Sermon for Ash Wednesday, Year B
Based on II Cor. 5:20b-6:10
By Pastor Garth Wehrfritz-Hanson
In the movie, "Dry White Season," a prominent schoolteacher, Ben Du Toi (Donald Sutherland) lives a peaceful, privileged family lifestyle in South Africa, without giving much thought about the apartheid system.
Then, a son of his faithful gardener, named Gordon, is shot dead by the military in a peaceful, non-violent demonstration. Gordon then wants to search for his dead son's body, and begins investigating the circumstances of the killing. Du Toi encourages Gordon not to pursue the matter further.
However, Gordon does not follow Du Toi's advice, and is eventually: arrested, imprisoned, brutally tortured and killed. This motivates Ben Du Toi to find out the truth of both killings. Du Toi becomes so committed to justice for the black people, that he sacrifices the security of his teaching position, his marriage and finally his life for the sake of justice, truth and freedom. He loved his former gardener Gordon and the black people so much that he sacrificed his life for their freedom.
In the same way, Jesus sacrificed his life ~ that all humankind might have freedom, forgiveness, justice, truth and reconciliation. Du Toi is the Christ figure in this movie in that he chose, out of love for the black people, to work for reconciliation with them. As a white person, he could have lived a life of luxury, ease and privilege. Instead, he sacrificed his life in loving service of the black people.
This is exactly what Jesus did ~ he could have spent eternity in heaven, living a life of luxury, ease and privilege. But, out of love for humankind, he came to earth, to live, suffer and die a cruel death on the cross, so that we might be forgiven and reconciled with God. Jesus freely chose his way of sacrifice and the cross. His sacrifice on the cross makes it possible for us to love God and one another.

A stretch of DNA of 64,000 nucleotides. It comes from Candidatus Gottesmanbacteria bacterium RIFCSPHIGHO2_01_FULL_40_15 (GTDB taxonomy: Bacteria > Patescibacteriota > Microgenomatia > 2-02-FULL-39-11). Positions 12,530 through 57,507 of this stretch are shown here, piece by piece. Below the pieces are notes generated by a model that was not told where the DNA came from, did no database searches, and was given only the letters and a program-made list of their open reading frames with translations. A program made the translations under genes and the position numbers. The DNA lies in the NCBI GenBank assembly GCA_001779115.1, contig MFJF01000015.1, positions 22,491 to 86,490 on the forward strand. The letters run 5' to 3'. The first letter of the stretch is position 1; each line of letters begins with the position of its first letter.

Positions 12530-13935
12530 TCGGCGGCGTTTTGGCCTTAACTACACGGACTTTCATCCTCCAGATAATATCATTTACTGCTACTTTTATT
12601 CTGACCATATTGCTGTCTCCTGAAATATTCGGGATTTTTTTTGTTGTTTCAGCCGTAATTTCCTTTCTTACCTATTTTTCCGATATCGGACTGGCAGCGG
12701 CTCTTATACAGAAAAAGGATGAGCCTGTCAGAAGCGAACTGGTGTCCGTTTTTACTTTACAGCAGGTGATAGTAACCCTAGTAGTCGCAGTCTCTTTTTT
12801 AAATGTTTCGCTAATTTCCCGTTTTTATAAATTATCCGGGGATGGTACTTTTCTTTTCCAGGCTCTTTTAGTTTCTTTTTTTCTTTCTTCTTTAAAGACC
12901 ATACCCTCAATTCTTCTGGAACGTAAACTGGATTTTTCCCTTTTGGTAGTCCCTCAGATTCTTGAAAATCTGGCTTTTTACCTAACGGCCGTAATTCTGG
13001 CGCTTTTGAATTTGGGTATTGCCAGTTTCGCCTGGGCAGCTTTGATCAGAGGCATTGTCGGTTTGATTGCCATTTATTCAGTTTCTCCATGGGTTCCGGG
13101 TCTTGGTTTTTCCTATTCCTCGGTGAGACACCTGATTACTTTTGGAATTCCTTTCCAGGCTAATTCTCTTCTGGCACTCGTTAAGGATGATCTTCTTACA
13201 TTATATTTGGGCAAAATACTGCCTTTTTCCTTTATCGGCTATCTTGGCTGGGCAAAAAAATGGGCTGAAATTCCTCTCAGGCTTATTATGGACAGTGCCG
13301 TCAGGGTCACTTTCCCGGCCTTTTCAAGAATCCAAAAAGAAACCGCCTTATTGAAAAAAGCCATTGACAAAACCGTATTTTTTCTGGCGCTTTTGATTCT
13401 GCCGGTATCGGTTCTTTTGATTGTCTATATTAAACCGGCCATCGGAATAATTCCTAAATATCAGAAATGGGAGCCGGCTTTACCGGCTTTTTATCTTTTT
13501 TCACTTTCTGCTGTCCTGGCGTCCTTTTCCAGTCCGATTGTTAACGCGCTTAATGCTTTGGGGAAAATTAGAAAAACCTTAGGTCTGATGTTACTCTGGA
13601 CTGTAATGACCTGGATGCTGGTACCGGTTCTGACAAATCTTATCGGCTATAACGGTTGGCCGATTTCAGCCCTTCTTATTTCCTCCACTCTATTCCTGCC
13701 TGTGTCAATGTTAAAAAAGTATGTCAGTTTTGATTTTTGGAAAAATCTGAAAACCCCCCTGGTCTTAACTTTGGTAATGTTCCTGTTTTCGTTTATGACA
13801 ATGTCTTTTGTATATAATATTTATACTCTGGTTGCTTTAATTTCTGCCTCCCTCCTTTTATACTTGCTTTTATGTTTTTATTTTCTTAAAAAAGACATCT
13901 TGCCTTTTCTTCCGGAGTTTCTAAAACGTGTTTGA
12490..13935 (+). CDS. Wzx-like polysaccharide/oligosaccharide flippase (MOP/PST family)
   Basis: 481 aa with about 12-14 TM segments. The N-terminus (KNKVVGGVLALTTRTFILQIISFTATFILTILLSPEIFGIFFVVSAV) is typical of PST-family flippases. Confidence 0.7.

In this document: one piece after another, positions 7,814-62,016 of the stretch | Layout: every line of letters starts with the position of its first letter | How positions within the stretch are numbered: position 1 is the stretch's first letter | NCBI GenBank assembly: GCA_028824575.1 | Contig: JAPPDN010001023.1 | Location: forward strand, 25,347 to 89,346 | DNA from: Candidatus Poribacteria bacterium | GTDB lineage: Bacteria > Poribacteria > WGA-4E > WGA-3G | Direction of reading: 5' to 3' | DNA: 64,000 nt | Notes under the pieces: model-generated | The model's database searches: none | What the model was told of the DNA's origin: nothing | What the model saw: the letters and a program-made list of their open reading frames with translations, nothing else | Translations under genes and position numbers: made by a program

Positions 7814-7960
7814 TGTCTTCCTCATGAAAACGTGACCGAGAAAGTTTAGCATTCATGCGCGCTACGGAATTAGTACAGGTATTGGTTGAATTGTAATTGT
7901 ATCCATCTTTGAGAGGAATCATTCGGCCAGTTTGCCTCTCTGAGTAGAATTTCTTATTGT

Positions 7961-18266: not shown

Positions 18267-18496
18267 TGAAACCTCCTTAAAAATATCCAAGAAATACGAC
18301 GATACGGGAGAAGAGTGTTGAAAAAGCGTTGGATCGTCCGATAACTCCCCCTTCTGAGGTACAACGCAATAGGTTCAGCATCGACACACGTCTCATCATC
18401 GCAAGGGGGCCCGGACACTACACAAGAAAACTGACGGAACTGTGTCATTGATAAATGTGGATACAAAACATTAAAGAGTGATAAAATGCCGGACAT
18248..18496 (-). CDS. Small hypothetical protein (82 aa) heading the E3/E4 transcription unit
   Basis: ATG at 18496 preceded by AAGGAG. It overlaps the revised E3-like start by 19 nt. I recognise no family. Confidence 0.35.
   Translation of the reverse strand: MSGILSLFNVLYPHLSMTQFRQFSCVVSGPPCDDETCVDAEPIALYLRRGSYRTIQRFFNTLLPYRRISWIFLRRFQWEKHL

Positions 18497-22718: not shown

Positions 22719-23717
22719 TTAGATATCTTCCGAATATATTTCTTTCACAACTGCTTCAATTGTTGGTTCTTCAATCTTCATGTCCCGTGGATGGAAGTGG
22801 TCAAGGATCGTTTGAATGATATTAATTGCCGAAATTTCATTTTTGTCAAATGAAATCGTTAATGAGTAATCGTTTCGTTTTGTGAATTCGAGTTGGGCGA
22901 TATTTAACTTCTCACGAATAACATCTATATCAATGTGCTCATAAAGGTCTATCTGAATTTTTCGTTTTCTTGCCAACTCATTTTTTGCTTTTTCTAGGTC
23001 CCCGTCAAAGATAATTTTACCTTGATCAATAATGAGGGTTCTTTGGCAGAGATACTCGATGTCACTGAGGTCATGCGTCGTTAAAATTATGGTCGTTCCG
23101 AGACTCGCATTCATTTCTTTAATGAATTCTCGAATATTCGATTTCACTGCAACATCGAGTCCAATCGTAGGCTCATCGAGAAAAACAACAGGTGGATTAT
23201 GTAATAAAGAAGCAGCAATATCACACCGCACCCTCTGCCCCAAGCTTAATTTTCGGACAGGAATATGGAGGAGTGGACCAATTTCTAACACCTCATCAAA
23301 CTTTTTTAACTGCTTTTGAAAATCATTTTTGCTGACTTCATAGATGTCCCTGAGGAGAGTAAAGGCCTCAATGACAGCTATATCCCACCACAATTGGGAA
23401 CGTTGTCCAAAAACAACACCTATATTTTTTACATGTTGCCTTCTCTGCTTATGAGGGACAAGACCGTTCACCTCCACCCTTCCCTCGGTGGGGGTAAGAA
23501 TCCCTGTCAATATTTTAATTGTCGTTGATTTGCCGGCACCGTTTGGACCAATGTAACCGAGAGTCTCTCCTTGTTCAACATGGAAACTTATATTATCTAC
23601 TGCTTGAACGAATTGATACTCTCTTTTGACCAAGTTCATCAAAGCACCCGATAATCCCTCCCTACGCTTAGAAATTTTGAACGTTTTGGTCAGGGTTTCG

For Paul, that word reconcile is a loaded one. Not only is it God's forgiveness in Christ for us; it's also God's power in Christ to transform people by making enemies into friends. We were once the enemies of God in our sinful state. Thanks to Christ, we are transformed from enemies into friends, through his loving, sacrificial death on the cross, which is the atonement (at-one-ment) of our sin. For Paul, Christ's reconciling work is absolutely mind-boggling ~ it has a profound change on everyone and everything. He suggests that when we realize how profound it is for us; we shall want to respond as he and countless others did ~ by following Christ's example and living a life of sacrificial love; by practicing forgiveness and reconciliation towards one another and towards all peoples. In short, it means following Christ in the way of the cross.
Archbishop George Appleton, in his book, Hour Of Glory: Meditations on the Passion, tells the following story, which a Jewish rabbi friend told him: "At a meeting of Christians in Jerusalem, the Professor of New Testament Studies in the Hebrew University there remarked that he prayed for Christians every day. When the time came for discussion the first question asked was, 'What do you pray for us Christians?' His reply reduced his audience to silence. 'I pray,' he said, 'that you Christians may be more like your Jesus.' "
'That you Christians may be more like your Jesus,' is that not what Paul is saying concerning our new relationship with God after Christ's reconciling work on our behalf? Is that not why the Apostle Paul, in his ministry of the Gospel was willing to face: "great endurance, in afflictions, hardships, calamities, beatings, imprisonments, riots, labors, sleepless nights, hunger" ~ and much more?
On this Ash Wednesday, which is, in some respects, the church's version of the Jewish Yom Kippur, the Day of Atonement; my hope and prayer is that we are gathered here because we want to repent of our sin; to be reconciled and forgiven by our God; to go out from here and not hold on to our grudges or hatreds, but to practice reconciliation and forgiveness in all of our relationships; to be more like our Jesus; to make our enemies into friends; to walk with Jesus in the way of the cross during this Lenten season.
For Paul ~ after the "great exchange" of Christ becoming sin who knew no sin, so that in him we might become the righteousness of God ~ there's urgency to living in and with Christ for us. This urgency makes us want to follow Christ Right Now, Today, since we may not be here tomorrow. As Paul puts it: "See, now is the acceptable time; see, now is the day of salvation!" So, as followers of Jesus, we are called to live each day as if it were our last; to take risks; to make sacrifices for the sake of Christ and his Good News.
May the crosses of ash placed on our foreheads tonight not merely be a symbol for us. Rather, may they help us to come to a genuine repentance, to accept our mortality, and dying to sin, death and evil ~ so that Christ's new life might transform us to lives of loving sacrificial service in his name.
This page has been visited times.